Ask Us: Proud Flesh
Proud flesh is an exuberant growth of granulation tissue, which is highly fibrous, full of small blood vessels and designed to help in the healing process.
By: Various authors |
How do I get rid of proud flesh?
Sent via email by Elaine
Proud flesh is an exuberant growth of granulation tissue, which is highly fibrous, full of small blood vessels and designed to help in the healing process. It is usually reddish in colour, bumpy and uneven. The appearance of this tissue means that scarring will soon occur.
“Granulation tissue is the body’s normal healing response, but when it gets carried away and protrudes from the edges of the skin it is known as proud flesh,” said Michael Stephenson, DVM.
Proud flesh often develops in limb wounds, likely because these wounds are difficult or impossible to suture, although, the exact cause is unknown.
“Primary closure (suturing) is the best approach to avoiding proud flesh. Proper bandaging minimizes the development of proud flesh also, for those wounds that can’t be sutured,” said Stephenson.
Tend to a fresh wound as soon as possible. Clean and cover the injury, then call the vet, who will suture the wound if possible. If not, applying a pressure bandage to bring the edges of the wound as close together as possible is the next best thing. If the wound is on or near a joint, this may not be a realistic option if you are unable to immobilize the joint, however.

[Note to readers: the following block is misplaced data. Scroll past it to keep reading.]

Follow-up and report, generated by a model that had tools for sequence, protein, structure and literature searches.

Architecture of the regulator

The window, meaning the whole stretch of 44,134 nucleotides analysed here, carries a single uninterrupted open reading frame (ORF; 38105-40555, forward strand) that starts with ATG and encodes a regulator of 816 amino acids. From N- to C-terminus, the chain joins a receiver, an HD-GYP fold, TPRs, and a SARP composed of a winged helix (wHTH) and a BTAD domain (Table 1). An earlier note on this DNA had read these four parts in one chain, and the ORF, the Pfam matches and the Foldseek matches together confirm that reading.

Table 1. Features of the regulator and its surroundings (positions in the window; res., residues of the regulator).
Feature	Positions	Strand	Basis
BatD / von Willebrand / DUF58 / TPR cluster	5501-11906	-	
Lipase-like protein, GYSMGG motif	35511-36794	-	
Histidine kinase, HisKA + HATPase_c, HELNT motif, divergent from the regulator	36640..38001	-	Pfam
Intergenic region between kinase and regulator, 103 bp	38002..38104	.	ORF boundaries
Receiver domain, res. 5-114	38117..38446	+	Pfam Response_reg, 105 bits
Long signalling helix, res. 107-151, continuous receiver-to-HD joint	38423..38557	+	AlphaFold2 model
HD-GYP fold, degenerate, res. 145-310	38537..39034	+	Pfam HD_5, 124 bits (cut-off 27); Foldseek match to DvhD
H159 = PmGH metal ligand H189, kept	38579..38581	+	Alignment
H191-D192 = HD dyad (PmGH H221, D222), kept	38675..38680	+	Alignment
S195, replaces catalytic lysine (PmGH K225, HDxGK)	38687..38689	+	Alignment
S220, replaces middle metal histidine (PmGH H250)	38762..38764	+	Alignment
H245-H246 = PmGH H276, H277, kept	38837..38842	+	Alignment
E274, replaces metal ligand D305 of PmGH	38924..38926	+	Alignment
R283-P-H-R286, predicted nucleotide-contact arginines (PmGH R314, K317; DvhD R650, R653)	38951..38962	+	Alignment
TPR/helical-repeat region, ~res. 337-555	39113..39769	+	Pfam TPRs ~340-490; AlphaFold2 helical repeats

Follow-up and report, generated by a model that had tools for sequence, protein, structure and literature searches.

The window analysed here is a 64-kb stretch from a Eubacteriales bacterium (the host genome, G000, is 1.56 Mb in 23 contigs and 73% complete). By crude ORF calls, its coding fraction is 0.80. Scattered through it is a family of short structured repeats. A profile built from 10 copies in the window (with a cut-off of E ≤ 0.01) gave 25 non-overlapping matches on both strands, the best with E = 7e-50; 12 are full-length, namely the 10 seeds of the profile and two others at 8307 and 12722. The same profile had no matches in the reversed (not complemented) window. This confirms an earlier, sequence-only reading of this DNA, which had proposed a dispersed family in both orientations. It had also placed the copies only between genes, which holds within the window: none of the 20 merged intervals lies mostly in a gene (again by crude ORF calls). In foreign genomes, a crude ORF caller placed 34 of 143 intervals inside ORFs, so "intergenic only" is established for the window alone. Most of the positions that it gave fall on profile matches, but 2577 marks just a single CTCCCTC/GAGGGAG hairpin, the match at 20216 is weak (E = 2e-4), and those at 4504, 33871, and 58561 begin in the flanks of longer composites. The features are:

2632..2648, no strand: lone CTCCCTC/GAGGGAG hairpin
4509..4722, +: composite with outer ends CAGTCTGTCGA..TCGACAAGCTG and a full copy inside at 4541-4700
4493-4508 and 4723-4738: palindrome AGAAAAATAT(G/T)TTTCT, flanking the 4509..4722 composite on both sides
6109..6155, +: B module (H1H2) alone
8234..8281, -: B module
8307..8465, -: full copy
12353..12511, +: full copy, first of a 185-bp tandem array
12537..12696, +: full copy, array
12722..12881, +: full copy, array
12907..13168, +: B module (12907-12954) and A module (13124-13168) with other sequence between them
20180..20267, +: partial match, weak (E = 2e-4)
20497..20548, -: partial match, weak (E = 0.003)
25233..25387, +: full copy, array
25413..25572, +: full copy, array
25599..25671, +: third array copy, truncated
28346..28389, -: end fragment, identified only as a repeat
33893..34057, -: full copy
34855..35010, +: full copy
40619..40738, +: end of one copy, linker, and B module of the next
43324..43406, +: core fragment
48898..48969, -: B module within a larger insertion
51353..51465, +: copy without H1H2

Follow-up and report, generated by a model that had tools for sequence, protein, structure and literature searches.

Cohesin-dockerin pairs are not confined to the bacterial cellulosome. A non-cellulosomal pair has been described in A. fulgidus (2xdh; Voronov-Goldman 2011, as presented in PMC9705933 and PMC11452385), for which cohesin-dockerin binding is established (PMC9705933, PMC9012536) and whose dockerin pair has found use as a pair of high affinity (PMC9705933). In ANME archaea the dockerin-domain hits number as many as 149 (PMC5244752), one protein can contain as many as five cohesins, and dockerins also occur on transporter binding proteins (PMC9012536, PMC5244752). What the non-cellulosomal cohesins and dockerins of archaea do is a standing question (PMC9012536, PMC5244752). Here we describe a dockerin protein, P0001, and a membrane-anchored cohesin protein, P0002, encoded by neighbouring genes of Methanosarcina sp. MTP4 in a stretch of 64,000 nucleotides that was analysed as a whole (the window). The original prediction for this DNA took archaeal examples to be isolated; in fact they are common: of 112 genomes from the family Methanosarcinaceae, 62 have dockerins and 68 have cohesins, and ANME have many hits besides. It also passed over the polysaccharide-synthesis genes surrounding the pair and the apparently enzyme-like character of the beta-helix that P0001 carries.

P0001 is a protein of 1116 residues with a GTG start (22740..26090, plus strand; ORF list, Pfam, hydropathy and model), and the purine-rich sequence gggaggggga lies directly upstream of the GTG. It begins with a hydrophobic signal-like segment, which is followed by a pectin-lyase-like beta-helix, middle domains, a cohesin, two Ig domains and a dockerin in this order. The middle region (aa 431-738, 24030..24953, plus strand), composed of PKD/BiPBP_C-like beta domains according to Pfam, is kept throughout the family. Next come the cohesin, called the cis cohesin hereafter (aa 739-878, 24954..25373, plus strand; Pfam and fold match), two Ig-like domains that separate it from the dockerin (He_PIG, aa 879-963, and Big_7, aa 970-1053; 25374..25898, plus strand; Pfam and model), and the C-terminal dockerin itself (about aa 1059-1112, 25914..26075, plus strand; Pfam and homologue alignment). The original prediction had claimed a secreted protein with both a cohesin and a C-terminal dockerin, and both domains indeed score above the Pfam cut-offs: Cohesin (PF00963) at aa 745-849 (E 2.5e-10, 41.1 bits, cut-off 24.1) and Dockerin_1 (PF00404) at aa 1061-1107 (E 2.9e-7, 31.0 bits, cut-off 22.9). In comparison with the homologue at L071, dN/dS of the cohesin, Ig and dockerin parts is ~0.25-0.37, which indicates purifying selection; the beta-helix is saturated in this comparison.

Researchers are working to develop ways to artificially manipulate the levels of certain genes and proteins in leg wounds so that healing can occur in a manner similar to body wounds, which generally heal without problem.
Further, they are investigating the role of oxygen in this condition, as well as looking into the use of anti-cancer drugs to help slow blood vessel growth – an important component of proud flesh.
Once proud flesh has developed, there is only one sure way to remove it. “The old horseman’s trick was to use a caustic solution, which burns the flesh, but we’ve gotten away from that for obvious reasons, for humane reasons,” said Stephenson.
“Some people also advocate the use of topical steroids to minimize proud flesh and some even use Preparation H. That is not something I recommend,” said Stephenson. “The only real solution is to remove it with a scalpel, which should be done by a veterinarian.”
This answer was supplied in part by Michael Stephenson, DVM, of Brelmar Veterinary Clinic in Sunderland, ON, with files from Nicole Kitchener.
How can I speed up spring shedding?
Sent via email by Rebecca
It is helpful to understand that it is not cold weather which brings on the woollies, rather it is the declining daylight hours. Alternately, as the days lengthen in spring your horse begins to shed his long, thick winter coat.
If you’re looking to reduce the number of hours you spend grooming each spring, the best method is to increase his exposure to light over the winter. Leaving the lights on in the barn for two or three additional hours in the early morning and late at night can prevent such a long, thick coat from growing or cue the shedding response early, depending on when you begin the light therapy.
Be energy wise and use timers to turn the barn lights on during the night, when the cost of energy is lower. Installing high output lights in individual stalls is another option, which will make it possible to pick and choose which horses to shed out in a stable of many.